by Jim Rickards, DailyReckoning:
Whenever stocks rise sharply for a sustained period, or rise more than a few days or weeks in a row, as had been the case until these past few days, there is always some pundit quick to label the trend a “bubble” and advise investors to run for the exits.
Usually the pundits are wrong. Most so-called bubbles are not bubbles at all, they’re just short-term trends driven by sentiment or momentum. Those trends may slow down or even reverse, but they don’t burst catastrophically the way real bubbles do.
So pundits who yell “bubble” too often are marginalized as doom-and-gloomers, perma-bears, or the boy who cried wolf.
Yet bubbles are real.
They do burst suddenly and catastrophically, and most investors do lose fortunes when they burst. The art of analysis consists of recognizing the difference between real bubbles and mere short-term trends.
My job is to use the right tools to spot real bubbles, and warn readers in time to avoid losses and even make gains as markets are crashing.
U.S. equity markets today are flashing red when it comes to bubble potential.
True bubbles happen for a variety of fundamental and psychological reasons. Below are two of the most famous stock charts in history.
Chart 1 traces the Japanese stock bubble of 1983 to 1989, which resulted in a spectacular collapse of the Nikkei 225 Index beginning on January 1, 1990.
Famously, that Japanese bubble included real estate as well as stocks. In 1989, the land inside the Imperial Palace Walls in central Tokyo (a three-mile circumference) was said to be worth more than all the land in California.
At the end of Japan’s lost decade, the Nikkei Index stood almost 75% below the peak it reached in late 1989.
Chart 2 is the U.S. stock bubble of the “Roaring Twenties” as shown in the Dow Jones Industrial Average. That crash began on October 24, 1929 (“Black Thursday”) and reached a crescendo on October 29, 1929 (“Black Tuesday”).
The 1929 crash ushered in the Great Depression, which persisted until 1940. At the lows, the Dow Jones index had fallen more than 85% from the 1929 high. Stocks did not recover their pre-crash levels until 1954, a full quarter-century after the crash.
The bubble dynamics are easily seen from these charts. Bubbles do not emerge from depressed conditions or prior collapse. The memories of prior losses are usually enough to prevent investors from engaging in bubble behavior.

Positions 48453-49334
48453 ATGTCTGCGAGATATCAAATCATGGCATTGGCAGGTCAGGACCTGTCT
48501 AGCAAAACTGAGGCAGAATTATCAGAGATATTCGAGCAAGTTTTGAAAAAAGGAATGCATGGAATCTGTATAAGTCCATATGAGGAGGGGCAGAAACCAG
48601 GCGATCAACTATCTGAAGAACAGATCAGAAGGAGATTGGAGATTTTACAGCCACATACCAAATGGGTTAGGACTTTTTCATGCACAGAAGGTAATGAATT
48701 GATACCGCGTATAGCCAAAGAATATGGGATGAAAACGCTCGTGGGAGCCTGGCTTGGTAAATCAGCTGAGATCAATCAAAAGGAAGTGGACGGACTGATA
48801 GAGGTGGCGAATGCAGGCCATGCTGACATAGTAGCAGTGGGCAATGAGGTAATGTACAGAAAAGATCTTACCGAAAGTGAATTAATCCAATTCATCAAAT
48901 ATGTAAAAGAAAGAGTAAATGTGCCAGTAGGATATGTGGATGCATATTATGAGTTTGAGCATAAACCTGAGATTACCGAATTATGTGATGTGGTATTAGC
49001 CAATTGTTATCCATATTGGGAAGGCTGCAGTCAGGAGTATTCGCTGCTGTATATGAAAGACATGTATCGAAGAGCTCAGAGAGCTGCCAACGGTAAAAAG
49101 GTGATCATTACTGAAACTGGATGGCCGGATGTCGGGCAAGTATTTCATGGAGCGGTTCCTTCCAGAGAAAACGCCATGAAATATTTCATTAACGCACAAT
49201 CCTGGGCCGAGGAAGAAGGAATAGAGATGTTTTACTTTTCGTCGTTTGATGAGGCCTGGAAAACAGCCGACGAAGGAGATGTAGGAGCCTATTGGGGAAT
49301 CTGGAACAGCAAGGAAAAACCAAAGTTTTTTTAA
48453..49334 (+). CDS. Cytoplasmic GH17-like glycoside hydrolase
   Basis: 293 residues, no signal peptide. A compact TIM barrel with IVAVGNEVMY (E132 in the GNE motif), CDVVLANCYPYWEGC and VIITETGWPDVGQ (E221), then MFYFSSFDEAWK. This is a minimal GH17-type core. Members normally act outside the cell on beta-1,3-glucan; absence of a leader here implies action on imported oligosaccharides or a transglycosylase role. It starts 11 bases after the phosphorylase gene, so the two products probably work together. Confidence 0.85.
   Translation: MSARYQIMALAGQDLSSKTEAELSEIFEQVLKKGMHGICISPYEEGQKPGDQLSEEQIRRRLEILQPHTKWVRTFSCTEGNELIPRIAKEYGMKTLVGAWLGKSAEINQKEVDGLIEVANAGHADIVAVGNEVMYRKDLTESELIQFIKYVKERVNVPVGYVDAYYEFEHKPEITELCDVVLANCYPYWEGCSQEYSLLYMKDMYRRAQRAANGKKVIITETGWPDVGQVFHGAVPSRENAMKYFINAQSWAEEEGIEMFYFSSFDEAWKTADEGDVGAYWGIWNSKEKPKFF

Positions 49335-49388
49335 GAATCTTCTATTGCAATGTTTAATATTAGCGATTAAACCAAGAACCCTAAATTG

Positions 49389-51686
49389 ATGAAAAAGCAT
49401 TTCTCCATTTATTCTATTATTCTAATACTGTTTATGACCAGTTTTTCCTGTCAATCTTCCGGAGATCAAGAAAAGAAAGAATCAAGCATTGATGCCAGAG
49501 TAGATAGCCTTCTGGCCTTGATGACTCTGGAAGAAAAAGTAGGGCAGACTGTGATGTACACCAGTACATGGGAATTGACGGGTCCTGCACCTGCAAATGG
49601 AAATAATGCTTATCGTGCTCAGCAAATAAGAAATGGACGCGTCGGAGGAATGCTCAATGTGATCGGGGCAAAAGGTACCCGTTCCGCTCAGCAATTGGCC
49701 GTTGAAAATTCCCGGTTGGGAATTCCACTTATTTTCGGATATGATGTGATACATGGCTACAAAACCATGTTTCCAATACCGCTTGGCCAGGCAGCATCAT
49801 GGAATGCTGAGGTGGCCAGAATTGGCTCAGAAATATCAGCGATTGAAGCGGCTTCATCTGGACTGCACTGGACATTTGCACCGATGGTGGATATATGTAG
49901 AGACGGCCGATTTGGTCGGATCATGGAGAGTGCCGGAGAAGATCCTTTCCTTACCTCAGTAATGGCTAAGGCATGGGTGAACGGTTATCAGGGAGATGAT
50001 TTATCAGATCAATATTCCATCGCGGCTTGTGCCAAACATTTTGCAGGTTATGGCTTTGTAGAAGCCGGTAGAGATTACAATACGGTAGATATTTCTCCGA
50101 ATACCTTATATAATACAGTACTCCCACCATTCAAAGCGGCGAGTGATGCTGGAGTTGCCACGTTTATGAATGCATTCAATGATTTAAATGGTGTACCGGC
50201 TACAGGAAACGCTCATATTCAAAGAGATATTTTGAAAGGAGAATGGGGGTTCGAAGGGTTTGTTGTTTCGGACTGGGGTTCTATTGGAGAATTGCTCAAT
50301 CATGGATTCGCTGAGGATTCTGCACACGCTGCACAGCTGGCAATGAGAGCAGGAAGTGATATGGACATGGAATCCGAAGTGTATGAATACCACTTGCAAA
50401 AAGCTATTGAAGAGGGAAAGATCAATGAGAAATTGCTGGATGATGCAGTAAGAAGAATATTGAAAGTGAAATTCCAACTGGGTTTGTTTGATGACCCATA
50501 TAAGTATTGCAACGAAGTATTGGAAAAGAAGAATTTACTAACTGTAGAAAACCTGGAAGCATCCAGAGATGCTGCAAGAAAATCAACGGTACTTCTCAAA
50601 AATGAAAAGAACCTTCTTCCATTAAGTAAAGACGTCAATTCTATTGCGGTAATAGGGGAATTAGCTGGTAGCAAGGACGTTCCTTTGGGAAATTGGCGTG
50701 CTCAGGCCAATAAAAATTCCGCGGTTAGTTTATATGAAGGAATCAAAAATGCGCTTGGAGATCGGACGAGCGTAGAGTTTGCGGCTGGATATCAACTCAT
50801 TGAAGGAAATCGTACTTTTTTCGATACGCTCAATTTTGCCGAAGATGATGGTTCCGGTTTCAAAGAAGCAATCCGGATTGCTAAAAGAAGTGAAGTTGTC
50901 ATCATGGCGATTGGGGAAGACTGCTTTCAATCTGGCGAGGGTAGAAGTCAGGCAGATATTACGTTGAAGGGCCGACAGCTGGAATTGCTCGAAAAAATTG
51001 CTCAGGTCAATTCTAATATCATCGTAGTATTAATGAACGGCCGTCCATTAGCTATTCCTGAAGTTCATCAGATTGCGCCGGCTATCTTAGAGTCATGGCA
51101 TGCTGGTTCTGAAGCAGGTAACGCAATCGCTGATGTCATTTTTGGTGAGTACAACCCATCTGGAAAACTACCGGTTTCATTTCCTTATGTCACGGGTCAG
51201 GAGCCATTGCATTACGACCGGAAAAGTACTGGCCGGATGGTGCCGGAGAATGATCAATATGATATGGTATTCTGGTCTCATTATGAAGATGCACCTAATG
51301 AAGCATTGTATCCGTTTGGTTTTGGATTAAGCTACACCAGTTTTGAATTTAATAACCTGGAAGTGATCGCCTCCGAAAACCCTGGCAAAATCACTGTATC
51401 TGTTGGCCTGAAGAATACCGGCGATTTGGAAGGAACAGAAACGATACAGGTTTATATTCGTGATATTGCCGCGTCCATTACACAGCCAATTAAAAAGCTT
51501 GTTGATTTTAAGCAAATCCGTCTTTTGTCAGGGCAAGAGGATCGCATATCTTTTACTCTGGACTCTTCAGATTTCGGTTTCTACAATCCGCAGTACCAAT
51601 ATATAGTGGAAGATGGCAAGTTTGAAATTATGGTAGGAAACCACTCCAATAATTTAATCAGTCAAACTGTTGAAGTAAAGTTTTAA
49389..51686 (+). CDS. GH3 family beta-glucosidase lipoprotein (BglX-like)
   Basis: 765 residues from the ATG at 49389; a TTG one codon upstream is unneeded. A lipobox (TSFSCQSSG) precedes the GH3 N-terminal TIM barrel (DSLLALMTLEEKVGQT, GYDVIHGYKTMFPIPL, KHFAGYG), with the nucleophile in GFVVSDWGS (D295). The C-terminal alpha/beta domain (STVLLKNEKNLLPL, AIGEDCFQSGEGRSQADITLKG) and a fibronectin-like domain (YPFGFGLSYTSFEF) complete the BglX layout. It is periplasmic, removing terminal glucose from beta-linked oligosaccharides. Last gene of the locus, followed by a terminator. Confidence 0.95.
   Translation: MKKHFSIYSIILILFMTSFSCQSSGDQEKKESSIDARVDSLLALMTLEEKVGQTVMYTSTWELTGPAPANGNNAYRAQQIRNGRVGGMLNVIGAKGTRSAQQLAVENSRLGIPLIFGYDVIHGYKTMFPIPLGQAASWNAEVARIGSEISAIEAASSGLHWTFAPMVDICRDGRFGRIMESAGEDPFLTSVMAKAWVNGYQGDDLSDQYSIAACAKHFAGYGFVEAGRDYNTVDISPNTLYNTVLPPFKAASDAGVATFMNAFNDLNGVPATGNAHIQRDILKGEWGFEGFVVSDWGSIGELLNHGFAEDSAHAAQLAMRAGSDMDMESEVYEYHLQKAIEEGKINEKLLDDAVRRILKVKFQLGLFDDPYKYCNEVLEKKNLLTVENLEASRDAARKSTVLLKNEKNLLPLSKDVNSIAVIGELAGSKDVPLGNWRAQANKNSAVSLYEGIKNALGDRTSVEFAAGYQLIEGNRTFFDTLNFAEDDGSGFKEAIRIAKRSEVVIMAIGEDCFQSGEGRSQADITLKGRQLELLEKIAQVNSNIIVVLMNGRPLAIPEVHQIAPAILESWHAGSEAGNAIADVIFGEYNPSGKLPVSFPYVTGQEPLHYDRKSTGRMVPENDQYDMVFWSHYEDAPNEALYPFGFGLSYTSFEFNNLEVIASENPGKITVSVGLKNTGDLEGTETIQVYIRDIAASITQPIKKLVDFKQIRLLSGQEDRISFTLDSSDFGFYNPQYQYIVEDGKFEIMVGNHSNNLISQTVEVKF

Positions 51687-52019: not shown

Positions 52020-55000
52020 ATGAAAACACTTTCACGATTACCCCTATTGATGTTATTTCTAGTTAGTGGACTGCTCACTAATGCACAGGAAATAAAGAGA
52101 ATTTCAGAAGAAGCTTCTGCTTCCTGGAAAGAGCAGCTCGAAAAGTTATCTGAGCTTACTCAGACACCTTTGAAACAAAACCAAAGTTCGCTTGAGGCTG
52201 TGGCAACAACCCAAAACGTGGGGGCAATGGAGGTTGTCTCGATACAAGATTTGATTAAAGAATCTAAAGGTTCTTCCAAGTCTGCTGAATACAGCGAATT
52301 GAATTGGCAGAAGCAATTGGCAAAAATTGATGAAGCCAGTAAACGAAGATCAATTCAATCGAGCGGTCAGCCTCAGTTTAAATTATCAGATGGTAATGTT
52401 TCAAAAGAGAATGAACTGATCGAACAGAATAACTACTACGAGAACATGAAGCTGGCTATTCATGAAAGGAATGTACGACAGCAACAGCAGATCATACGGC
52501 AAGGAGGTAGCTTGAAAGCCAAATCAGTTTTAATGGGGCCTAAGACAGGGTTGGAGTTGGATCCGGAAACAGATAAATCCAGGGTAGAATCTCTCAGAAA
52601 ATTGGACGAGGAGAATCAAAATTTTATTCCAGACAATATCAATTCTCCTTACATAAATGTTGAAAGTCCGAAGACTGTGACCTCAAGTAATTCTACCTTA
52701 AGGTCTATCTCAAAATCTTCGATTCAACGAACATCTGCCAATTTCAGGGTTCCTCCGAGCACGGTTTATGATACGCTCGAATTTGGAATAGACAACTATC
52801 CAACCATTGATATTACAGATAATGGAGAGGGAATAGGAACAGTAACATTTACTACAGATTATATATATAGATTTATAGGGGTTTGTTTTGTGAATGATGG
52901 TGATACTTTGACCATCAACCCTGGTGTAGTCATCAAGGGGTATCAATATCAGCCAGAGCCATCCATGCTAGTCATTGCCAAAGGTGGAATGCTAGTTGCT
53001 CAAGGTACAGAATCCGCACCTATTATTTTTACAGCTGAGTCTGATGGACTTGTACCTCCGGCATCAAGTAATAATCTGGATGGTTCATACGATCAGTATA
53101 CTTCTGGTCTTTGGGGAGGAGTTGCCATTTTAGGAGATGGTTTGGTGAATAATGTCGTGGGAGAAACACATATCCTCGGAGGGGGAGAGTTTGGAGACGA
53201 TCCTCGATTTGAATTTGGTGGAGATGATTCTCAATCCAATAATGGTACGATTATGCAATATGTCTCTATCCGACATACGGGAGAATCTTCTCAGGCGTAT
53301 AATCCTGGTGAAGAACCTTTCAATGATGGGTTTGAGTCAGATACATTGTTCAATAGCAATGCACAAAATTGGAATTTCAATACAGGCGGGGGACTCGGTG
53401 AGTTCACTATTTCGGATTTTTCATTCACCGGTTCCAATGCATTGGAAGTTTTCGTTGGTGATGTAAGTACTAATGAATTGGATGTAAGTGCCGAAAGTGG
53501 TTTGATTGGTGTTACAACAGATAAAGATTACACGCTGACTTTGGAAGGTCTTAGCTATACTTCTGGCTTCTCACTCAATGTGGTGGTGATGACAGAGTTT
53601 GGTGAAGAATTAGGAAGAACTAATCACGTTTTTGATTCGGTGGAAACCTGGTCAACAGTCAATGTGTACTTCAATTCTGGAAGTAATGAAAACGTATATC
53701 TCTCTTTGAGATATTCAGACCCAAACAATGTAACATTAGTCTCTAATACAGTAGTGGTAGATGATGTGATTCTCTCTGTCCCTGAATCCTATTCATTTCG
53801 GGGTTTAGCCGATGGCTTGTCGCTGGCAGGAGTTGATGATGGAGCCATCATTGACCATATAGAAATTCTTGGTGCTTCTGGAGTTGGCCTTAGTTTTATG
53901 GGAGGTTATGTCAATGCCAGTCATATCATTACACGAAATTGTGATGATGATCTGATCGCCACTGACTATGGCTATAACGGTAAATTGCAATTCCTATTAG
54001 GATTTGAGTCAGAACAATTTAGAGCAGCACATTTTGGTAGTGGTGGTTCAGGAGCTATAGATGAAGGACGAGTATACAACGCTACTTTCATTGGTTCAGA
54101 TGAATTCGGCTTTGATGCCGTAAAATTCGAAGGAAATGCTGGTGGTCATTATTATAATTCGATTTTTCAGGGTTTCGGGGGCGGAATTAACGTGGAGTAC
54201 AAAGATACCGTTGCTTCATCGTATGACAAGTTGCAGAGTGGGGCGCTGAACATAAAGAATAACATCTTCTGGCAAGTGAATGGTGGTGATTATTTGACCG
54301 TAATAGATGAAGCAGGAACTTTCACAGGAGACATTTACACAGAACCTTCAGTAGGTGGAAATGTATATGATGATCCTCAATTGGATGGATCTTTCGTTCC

Instead, bubbles follow periods of growth and persistent stock market gains. The original stock gains are based on fundamentals. Japan in the 1980s and the U.S. in the 1920s were both highly productive and fast-growing economies. Stock market gains made perfect sense.
Bubbles emerge at the end of long expansions when memories of the last crash fade, and euphoria replaces common sense. At that stage, the slope of the market index curve steepens at an accelerating rate.
The chart no longer rises gently; it rises vertically in a hyperbolic fashion. The result is the famous “hockey stick” image of a gently sloping base with a steeply sloping handle. That is visible in both Chart 1 and Chart 2.
The other characteristic of bubbles is that they persist much longer than many observers expect. It would have been easy (and not wrong) to yell, “bubble” in the U.S. in late 1928 or in Japan in late 1988. Yet markets powered higher despite the warnings. Those who issue early warnings are regarded as cranks. Those who short the market too soon can lose their shirts. Yet, those issuing warnings ultimately proved correct.
The Dow is up over 25% and the S&P 500 is up over 20% over the past year. More than half the gains for both indices were realized in the 3 ½ months since Donald Trump’s election as president:
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